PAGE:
What is Impulse-Control Disorder? - Symptoms & Treatment

Instructor: David White
Impulse control disorder is a classification of mental illness that contains a number of different diagnoses. Through this lesson, you will learn what defines impulse control disorders and how the various impairments can be treated.

Defining Impulse Control Disorders

If you've spent time around children, you've probably noticed some of the subtle ways that they are defiant or oppositional. In fact, thinking back to when you were a child, can you remember how you responded when someone told you not to touch something? The logical response was that you felt a strong urge to do the very thing that you were just told not to do. In children, this is generally just a way of testing boundaries with adults or satiating curiosity. But what happens if they truly can't stop themselves from doing something that they know they shouldn't do?

In psychology, a person who can't stop themselves from doing something that is potentially harmful would likely be diagnosed with an impulse control disorder (ICD). Rather than a diagnosis itself, impulse control disorder is a classification under which many different disorders such as trichotillomania or kleptomania fall. Broadly, these illnesses are characterized by an inability to resist the urge to do something that the individual knows can pose a risk to their health or safety.

For example, a person that has been diagnosed with pyromania might be unable to stop themselves from setting a fire in order to produce a feeling of relief or pleasure. It is important to know that these behaviors are involuntary, and can even be unconscious, which is why they are classified as psychological disorders.

Symptoms of ICD

Because there are a number of different impulse control disorders, the symptoms generally depend on which impairment a person might have. For example, a person with intermittent explosive disorder might become irrationally frustrated or angered by something that is ordinarily insignificant, often developing quickly into a fit of rage. In this case, the symptoms are very obvious: quick to anger irrationally, loss of control, or sweating.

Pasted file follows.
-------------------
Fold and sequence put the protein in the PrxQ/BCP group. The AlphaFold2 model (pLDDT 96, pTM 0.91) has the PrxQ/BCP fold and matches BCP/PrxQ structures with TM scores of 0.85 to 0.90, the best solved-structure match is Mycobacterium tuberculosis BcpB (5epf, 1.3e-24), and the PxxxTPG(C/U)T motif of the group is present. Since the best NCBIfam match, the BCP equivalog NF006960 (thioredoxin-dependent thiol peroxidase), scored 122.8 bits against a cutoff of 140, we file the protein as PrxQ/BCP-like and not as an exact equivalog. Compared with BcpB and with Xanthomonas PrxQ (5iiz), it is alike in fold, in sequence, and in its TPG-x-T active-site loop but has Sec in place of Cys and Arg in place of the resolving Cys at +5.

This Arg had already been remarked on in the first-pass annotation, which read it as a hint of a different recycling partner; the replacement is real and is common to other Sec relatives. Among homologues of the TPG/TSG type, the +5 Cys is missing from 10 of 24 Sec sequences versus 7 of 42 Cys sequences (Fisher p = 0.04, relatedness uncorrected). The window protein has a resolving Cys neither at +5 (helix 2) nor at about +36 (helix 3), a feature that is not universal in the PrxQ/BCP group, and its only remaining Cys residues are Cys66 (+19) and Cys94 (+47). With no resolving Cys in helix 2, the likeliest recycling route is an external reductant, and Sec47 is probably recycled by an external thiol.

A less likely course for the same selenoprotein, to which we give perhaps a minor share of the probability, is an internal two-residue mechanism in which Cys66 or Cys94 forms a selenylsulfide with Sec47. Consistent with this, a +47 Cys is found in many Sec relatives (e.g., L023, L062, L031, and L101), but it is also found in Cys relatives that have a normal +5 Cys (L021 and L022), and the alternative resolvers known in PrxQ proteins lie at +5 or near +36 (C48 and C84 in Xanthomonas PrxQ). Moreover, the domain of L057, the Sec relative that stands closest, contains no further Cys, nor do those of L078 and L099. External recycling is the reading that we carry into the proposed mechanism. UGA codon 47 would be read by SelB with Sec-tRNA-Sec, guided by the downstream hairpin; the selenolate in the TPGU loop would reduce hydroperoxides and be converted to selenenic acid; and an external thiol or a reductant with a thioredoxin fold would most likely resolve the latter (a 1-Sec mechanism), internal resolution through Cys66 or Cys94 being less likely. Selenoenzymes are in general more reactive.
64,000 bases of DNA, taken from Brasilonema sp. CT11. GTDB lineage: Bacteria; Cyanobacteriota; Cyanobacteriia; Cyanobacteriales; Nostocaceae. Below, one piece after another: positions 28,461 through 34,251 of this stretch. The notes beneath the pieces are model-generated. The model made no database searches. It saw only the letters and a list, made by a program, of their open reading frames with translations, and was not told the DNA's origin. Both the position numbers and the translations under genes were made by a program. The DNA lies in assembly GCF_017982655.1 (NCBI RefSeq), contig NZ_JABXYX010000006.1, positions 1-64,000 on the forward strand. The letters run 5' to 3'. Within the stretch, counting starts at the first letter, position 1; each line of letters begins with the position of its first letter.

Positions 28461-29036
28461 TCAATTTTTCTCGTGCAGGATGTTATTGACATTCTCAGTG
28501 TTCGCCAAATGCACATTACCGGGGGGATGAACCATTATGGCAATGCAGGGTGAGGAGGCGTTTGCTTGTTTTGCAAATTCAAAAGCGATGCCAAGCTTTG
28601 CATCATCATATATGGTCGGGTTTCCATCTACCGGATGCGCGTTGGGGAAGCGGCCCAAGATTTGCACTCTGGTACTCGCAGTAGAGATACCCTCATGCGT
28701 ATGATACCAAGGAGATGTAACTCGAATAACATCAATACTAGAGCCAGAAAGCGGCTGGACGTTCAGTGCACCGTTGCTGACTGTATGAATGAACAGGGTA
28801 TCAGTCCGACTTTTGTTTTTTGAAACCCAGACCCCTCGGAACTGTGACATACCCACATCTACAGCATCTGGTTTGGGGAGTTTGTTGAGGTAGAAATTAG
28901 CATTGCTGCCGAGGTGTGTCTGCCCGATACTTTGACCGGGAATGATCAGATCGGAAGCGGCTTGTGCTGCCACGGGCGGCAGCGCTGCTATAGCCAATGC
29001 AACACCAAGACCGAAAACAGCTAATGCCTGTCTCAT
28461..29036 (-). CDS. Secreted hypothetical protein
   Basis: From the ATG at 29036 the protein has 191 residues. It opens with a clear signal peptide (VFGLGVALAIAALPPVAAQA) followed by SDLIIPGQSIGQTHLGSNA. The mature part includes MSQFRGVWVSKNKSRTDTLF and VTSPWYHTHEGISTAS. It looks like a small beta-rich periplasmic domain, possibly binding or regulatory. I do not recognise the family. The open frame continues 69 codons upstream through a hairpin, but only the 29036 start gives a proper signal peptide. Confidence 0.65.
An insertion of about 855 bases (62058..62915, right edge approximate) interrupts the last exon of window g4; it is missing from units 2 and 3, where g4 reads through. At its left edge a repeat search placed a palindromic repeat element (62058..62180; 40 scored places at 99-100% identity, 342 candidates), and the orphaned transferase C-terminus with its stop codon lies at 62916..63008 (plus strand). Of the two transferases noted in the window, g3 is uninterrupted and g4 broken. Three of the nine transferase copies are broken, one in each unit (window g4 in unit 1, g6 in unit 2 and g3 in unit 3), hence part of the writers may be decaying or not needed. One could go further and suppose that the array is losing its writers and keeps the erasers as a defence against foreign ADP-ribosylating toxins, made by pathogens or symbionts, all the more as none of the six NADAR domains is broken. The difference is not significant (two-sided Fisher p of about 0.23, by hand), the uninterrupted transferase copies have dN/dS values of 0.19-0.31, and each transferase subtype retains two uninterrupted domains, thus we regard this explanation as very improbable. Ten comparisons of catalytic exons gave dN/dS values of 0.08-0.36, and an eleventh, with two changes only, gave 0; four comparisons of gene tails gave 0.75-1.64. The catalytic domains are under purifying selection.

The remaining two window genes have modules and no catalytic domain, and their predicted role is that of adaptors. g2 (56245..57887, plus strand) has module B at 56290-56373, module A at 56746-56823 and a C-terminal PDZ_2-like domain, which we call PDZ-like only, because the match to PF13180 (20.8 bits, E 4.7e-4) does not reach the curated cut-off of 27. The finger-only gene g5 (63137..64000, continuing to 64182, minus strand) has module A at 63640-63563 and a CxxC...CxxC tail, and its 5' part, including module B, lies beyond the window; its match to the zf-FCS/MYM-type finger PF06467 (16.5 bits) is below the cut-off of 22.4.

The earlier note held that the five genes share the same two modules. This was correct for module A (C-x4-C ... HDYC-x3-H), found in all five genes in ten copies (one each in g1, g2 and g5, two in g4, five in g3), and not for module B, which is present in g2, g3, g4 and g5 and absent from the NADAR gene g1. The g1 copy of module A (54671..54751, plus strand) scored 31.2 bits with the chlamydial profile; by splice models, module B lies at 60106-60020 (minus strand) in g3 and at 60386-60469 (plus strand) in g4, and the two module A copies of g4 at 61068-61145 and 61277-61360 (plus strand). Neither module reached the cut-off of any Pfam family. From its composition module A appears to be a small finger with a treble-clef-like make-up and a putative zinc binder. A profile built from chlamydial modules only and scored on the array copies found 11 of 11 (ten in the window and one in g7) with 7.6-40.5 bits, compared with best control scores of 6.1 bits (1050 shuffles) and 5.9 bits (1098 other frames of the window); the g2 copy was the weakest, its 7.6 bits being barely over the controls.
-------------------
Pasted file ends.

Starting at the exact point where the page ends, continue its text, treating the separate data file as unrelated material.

Symptoms of intermittent explosive disorder can include visible rage.

For a person suffering from trichotillomania, on the other hand, the symptoms may be easier to hide. Trichotillomania is a disorder that causes a person to pull out their own hair in order to relieve tension or achieve a feeling of pleasure. People with this disorder often have small or large bald spots on their head or other parts of their body.

Despite variations in symptoms, there are certain consistencies that are seen in people struggling with impulsivity. In general, an impulsive episode starts when a person feels the urge to do something that they shouldn't, which then becomes a source of stress or anxiety until they are unable to resist. Having acted on the urge, the behavior is followed by a tremendous feeling of relief, which is often followed by a strong feeling of guilt.

Impulsivity generally occurs in four stages and typically results in the fifth.

For example, a person suffering from kleptomania (an inability to resist the urge to steal) might be shopping at a grocery store and suddenly feel an incredibly strong urge to steal something. At first the person would resist the urge or push the thoughts away, but eventually it becomes so strong that it disrupts their sense of calm and is the only thing that they can focus on. At this point, the fastest and easiest way to make the tension or anxiety go away is to steal something. But once they've done that, they may feel an incredible sense of guilt because they know that what they did was wrong.

Treating ICD

Historically, impulse control disorders have been difficult to treat for a number of reasons. Because many of the behaviors (setting fires, stealing, and loss of self-control) are considered deviant by society, a person may be ashamed of themselves and therefore not seek treatment. Moreover, impulse control disorders have an effect on the reward center of the brain, which can cause behaviors to become addictive if untreated. Nevertheless, there are several different ways that these disorders are approached by clinicians, often depending on the individual affliction.

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